The Central Asian Flyway (CAF)
Why in news? The Ministry of Environment, Forest and Climate Change in collaboration with the United Nations Environment Programme/ Convention on Migratory Species (UNEP/CMS) had organized a meeting of Range Countries to strengthen conservation efforts for migratory birds and their habitats in the Central Asian Flyway (CAF) in New Delhi.
- The meeting was attended by the eleven countries of CAF region including Armenia, Bangladesh, Kazakhstan, Kyrgyzstan, Kuwait, Mongolia, Oman, Saudi Arabia, Tajikistan, and Uzbekistan, besides the Secretariats of CMS, AEWA and Raptors MOU, and representatives of Chief Wildlife Wardens of States, scientific institutions in India, international and national non-governmental organizations, and subject experts.
- The meeting was a critical opportunity for CAF Range States to collaborate and exchange ideas and best practices to ensure the sustainable conservation of migratory birds and their habitats.
- .The formalization of the Central Asian Flyway initiative, was seen as a significant step towards the conservation of migratory birds and their habitats.
- The delegates also undertook a field visit to the Sultanpur National Park, Gurugram, Haryana, to understand the management of bird sanctuary and learn the best practices being adopted in India for management of bird sanctuaries.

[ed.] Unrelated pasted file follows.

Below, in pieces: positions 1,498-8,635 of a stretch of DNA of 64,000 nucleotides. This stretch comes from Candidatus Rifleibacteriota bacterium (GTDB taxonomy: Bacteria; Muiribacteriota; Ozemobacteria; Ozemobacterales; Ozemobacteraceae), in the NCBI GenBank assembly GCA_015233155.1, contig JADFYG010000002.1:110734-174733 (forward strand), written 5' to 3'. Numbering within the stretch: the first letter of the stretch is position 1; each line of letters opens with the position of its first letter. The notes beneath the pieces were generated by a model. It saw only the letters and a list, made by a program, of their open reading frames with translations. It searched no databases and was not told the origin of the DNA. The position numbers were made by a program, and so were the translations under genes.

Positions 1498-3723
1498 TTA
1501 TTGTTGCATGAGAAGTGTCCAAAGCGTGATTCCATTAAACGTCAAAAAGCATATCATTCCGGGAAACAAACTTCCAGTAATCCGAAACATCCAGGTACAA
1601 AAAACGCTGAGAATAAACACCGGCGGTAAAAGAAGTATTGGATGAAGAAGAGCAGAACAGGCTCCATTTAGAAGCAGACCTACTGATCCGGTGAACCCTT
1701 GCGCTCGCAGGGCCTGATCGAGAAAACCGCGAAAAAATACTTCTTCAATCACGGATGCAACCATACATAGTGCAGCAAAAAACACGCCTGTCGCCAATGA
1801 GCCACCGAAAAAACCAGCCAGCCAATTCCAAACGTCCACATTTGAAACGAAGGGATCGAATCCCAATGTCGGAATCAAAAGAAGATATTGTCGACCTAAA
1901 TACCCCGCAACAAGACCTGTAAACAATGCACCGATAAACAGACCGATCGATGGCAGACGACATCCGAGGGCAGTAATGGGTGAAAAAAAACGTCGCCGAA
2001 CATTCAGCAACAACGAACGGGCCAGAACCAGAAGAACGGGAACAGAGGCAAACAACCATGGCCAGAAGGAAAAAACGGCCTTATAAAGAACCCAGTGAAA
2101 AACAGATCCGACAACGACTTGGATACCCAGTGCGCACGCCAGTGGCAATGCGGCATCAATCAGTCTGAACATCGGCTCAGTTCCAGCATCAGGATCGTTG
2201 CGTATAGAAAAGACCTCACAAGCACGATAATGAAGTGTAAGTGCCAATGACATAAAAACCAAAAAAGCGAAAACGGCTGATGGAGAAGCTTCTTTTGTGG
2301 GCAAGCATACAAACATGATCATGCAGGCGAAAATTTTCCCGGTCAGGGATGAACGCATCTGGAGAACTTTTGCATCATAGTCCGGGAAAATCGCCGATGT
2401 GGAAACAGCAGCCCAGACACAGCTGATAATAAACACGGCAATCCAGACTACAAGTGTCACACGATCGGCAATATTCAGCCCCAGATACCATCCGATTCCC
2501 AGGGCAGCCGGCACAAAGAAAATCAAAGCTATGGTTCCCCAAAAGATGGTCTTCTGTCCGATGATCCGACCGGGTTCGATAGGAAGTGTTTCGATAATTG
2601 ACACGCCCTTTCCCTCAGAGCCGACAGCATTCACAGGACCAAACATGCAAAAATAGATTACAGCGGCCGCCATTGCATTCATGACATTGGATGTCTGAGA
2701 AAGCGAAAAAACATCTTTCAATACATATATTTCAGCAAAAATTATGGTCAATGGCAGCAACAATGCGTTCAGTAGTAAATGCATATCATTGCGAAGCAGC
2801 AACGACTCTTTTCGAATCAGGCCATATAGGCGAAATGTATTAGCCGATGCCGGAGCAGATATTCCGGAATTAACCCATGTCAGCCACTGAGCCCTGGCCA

About Central Asian Flyway:
- The Central Asian Flyway (CAF) covers a large continental area of Eurasia between the Arctic and Indian Oceans and the associated island chains.
- The Flyway comprises several important migration routes of water birds, most of which extend from the northernmost breeding grounds in the Russian Federation (Siberia) to the southernmost non-breeding (wintering) grounds in West and South Asia, the Maldives and the British Indian Ocean Territory.
- The birds on their annual migration cross the borders of several countries. Geographically the flyway region covers 30 countries of North, Central and South Asia and Trans-Caucasus.
- There is an overlap between the CAF and the area of the Agreement on the Conservation of African-Eurasian Migratory Water birds (AEWA), which was concluded in 1995, at The Hague, the Netherlands. Sixteen out of the thirty countries encompassed by the CAF are located in the AEWA Agreement Area.
- The CAF covers at least 279 populations of 182 migratory water bird species, including 29 globally threatened and near-threatened species, which breed, migrate and winter within the region. Of those populations, over 50 per cent (145 populations) are covered by AEWA.